Pratt Center Research

Sustainable Community Development

Sunset Park Voices in the Rezoning Process

Report  |  December 17, 2007

As Sunset Park awaits the results of a zoning study being conducted by the NYC  Department of City Planning, City Councilwoman Sara Gonzalez and Brooklyn Community Board 7 co-sponsored one community education workshop and two community conversations about development issues and the anticipated rezoning in October and November or 2007. The workshop and conversations were conducted by the Pratt Center for Community Development. 
Residents expressed a wide variety of goals and concerns about development, in small group conversations, two “dot-voting” exercises,” and public speak-outs at the two community workshops. This report provides a summary of the issues and perspectives raised, along with some analysis of related issues by Pratt Center. 
•      There was unified concern expressed about out-of-scale development. It is worth noting, though, that this did not emerge as the top “vote-getter” in the dot-voting exercise. Out-of-context development received 31 dot-votes, while displacement of current residents received 151, parking 100, traffic 58, and overcrowded schools 57. 
•      Protection of the view from Sunset Park, which literally gives the neighborhood its name, was voiced passionately and consistently. 
•      While it was not included in the dot-voting, numerous residents urged that commercial overlays be limited only to the building that fronts on the commercial avenue, and not – as it is in many cases now – to any buildings on the side-streets (in general, this means reducing the commercial overlay from 150 feet to 100 feet).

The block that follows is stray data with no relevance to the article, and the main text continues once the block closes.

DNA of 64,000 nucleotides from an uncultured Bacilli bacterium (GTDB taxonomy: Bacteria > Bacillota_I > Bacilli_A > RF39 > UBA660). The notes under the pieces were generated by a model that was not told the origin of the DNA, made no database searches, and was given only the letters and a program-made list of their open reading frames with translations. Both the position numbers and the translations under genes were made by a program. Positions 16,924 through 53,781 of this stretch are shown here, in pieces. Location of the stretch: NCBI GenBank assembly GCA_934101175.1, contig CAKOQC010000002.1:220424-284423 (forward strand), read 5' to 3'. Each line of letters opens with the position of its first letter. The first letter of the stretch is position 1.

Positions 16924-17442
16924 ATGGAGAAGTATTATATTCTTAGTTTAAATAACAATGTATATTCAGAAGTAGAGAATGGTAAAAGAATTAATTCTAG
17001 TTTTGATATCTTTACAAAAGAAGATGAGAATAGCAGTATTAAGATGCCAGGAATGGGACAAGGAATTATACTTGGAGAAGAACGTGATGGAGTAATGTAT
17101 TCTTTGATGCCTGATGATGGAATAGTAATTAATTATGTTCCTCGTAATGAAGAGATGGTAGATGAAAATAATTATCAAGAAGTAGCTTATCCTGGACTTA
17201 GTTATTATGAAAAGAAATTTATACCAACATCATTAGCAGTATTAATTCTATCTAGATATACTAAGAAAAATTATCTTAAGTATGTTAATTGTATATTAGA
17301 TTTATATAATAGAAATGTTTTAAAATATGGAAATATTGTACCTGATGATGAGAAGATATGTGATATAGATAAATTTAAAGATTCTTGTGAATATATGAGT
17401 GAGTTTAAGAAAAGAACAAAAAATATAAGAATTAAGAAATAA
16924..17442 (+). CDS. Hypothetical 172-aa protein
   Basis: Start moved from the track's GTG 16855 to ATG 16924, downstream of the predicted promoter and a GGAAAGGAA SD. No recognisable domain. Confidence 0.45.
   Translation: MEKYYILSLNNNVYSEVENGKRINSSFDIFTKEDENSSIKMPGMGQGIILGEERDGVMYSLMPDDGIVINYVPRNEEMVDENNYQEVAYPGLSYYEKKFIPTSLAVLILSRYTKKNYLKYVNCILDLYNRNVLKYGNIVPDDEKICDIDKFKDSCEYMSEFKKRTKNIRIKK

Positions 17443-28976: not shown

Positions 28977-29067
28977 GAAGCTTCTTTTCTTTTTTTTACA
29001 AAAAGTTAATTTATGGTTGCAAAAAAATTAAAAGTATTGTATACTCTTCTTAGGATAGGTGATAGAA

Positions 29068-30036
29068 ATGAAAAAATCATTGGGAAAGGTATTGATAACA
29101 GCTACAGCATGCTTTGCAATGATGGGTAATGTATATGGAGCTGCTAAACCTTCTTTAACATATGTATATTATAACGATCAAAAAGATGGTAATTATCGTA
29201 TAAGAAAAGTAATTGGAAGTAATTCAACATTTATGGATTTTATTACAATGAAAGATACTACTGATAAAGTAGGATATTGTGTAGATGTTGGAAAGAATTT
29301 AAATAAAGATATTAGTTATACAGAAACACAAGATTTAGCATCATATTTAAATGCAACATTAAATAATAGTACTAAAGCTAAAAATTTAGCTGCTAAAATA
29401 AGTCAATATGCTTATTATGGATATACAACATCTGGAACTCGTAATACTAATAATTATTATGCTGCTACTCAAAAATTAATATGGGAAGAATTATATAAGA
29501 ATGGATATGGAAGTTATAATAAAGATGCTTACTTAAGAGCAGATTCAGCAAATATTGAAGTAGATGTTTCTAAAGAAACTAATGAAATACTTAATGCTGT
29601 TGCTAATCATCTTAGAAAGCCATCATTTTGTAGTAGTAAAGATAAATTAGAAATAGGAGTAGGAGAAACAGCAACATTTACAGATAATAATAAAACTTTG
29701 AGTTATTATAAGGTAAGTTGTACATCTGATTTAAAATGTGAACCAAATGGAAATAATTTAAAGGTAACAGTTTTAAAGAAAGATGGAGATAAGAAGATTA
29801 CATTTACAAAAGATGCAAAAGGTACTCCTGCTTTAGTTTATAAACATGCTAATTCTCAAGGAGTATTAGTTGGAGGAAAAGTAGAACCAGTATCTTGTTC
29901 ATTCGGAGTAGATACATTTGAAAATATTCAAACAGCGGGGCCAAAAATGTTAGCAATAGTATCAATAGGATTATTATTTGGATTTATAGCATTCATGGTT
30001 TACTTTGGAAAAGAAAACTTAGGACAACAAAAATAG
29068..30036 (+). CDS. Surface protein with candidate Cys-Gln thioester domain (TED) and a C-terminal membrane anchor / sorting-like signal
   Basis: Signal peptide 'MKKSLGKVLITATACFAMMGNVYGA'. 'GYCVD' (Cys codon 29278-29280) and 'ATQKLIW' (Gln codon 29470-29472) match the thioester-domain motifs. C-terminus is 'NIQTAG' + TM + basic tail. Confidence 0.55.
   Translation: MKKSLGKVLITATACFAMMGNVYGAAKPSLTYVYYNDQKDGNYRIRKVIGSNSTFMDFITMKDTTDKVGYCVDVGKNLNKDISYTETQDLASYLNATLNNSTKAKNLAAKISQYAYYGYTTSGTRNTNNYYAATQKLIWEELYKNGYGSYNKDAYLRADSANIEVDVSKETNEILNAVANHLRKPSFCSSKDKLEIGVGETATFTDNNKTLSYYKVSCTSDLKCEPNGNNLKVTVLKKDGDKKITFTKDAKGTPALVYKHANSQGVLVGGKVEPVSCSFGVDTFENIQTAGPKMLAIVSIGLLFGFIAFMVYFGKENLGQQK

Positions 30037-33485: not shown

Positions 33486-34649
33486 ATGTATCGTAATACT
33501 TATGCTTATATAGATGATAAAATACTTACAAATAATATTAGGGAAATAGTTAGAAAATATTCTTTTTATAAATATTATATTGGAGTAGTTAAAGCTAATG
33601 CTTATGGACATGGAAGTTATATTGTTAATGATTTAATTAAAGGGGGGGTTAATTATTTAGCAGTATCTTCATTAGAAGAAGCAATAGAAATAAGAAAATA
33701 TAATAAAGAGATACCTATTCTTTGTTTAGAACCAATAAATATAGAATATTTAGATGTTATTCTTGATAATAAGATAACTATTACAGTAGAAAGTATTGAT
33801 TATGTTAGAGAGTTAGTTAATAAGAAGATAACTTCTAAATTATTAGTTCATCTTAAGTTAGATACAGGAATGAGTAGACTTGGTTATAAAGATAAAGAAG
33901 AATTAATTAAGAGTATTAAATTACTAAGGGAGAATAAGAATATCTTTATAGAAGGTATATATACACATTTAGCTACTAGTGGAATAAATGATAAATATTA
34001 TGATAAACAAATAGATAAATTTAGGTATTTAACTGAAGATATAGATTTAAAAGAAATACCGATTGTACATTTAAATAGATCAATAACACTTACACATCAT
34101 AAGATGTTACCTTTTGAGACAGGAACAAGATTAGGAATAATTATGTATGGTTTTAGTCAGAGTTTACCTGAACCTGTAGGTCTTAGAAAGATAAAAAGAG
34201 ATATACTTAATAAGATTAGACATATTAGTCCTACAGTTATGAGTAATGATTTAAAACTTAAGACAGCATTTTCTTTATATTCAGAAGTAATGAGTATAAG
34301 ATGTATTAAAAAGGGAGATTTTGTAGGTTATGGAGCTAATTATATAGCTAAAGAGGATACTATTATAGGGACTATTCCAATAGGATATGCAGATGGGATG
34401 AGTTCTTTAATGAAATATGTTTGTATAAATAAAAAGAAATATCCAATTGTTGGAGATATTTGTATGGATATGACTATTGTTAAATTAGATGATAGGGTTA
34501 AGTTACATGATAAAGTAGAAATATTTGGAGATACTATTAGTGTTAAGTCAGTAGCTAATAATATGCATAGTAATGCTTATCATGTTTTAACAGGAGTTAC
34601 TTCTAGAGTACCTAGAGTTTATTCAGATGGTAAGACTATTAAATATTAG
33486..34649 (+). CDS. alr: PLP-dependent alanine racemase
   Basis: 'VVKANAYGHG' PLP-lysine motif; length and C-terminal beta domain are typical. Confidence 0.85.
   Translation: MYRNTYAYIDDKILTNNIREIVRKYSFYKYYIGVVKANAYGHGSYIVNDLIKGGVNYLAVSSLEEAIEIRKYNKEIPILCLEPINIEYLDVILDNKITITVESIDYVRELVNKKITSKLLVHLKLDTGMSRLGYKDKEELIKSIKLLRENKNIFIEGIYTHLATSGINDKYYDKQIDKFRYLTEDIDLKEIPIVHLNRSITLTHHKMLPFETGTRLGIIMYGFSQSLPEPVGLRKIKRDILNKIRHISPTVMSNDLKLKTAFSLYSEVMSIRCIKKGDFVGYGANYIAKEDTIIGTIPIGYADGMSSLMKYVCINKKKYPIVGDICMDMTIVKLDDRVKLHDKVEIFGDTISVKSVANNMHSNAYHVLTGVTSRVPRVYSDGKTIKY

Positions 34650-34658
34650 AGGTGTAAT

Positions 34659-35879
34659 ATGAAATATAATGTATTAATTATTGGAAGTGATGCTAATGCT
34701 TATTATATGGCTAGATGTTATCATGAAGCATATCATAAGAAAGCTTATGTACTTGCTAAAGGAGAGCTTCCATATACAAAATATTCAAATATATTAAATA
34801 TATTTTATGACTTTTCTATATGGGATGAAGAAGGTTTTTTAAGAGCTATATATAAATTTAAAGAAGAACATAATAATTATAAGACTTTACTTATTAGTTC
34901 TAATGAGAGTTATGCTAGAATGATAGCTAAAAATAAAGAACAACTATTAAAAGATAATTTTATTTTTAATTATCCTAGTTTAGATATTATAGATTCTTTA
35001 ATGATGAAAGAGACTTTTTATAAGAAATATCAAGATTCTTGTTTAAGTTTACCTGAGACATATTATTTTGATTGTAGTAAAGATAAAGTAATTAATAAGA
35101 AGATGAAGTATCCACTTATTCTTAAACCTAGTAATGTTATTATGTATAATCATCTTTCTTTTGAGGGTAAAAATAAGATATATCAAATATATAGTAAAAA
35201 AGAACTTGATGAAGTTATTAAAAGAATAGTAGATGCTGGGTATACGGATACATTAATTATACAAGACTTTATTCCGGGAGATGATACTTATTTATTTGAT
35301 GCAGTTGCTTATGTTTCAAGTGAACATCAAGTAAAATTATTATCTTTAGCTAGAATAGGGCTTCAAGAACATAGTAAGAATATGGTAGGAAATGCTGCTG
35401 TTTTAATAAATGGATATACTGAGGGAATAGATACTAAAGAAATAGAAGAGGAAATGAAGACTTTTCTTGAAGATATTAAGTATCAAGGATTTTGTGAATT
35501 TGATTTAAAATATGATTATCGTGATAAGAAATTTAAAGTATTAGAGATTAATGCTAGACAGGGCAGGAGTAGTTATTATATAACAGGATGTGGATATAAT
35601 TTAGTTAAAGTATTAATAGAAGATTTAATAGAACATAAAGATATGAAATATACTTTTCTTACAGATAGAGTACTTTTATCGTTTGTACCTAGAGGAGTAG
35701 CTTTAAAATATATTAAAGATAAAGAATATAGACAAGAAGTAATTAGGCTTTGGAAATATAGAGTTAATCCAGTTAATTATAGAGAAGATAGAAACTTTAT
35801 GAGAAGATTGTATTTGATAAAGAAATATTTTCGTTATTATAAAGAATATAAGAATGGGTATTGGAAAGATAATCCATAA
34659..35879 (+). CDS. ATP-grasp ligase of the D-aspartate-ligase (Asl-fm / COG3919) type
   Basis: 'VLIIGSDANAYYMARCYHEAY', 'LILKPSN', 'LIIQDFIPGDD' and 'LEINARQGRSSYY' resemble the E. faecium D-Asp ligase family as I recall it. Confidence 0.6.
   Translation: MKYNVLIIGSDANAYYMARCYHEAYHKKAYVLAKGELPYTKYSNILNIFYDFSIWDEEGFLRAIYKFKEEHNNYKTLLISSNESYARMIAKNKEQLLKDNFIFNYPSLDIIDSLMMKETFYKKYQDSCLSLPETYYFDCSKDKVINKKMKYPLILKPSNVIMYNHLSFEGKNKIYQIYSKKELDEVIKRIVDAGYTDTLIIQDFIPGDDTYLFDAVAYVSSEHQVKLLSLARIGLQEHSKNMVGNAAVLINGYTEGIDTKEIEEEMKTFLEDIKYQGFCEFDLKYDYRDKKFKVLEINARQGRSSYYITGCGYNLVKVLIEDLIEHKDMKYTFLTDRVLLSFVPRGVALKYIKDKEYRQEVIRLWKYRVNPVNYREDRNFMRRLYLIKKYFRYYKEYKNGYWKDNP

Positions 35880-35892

•      Issues of affordable housing and displacement evoked the most concern, with displacement of current residents receiving by far the most dot-votes (151) when residents were asked their concerns about development. 
However, there was not uniform opinion about what this meant or how it should be addressed. Some residents expressed openness to additional development, with a goal of creating affordable units, especially in the southeastern portion of the community (i.e. 7th & 8th Avenues, in the 50s). The top two dot-vote-getters on issues of affordable housing were creating new affordable homeownership units (127) and new affordable rental units (110). 
Other residents expressed concern that new development would likely be market-rate, and could actually make the current affordable housing crisis worse for existing residents. Saving existing rental housing received 100 dot-votes. Some speakers noted that recent patterns of development on 4th Avenue in Park Slope suggest that (a) developers may not utilize the “inclusionary housing bonus,” since none are doing so in the South Park Slope rezoning area, despite several new buildings, and (b) several hundred rent-regulated units in Sunset Park (especially along 4th Avenue) might be at risk of demolition and replacement by market-rate, non-rent-regulated units if upzoning were to occur. These residents called variously for not upzoning the commercial avenues, for mandatory affordable housing requirements, and/or for strong protections against demolition, harassment, and displacement.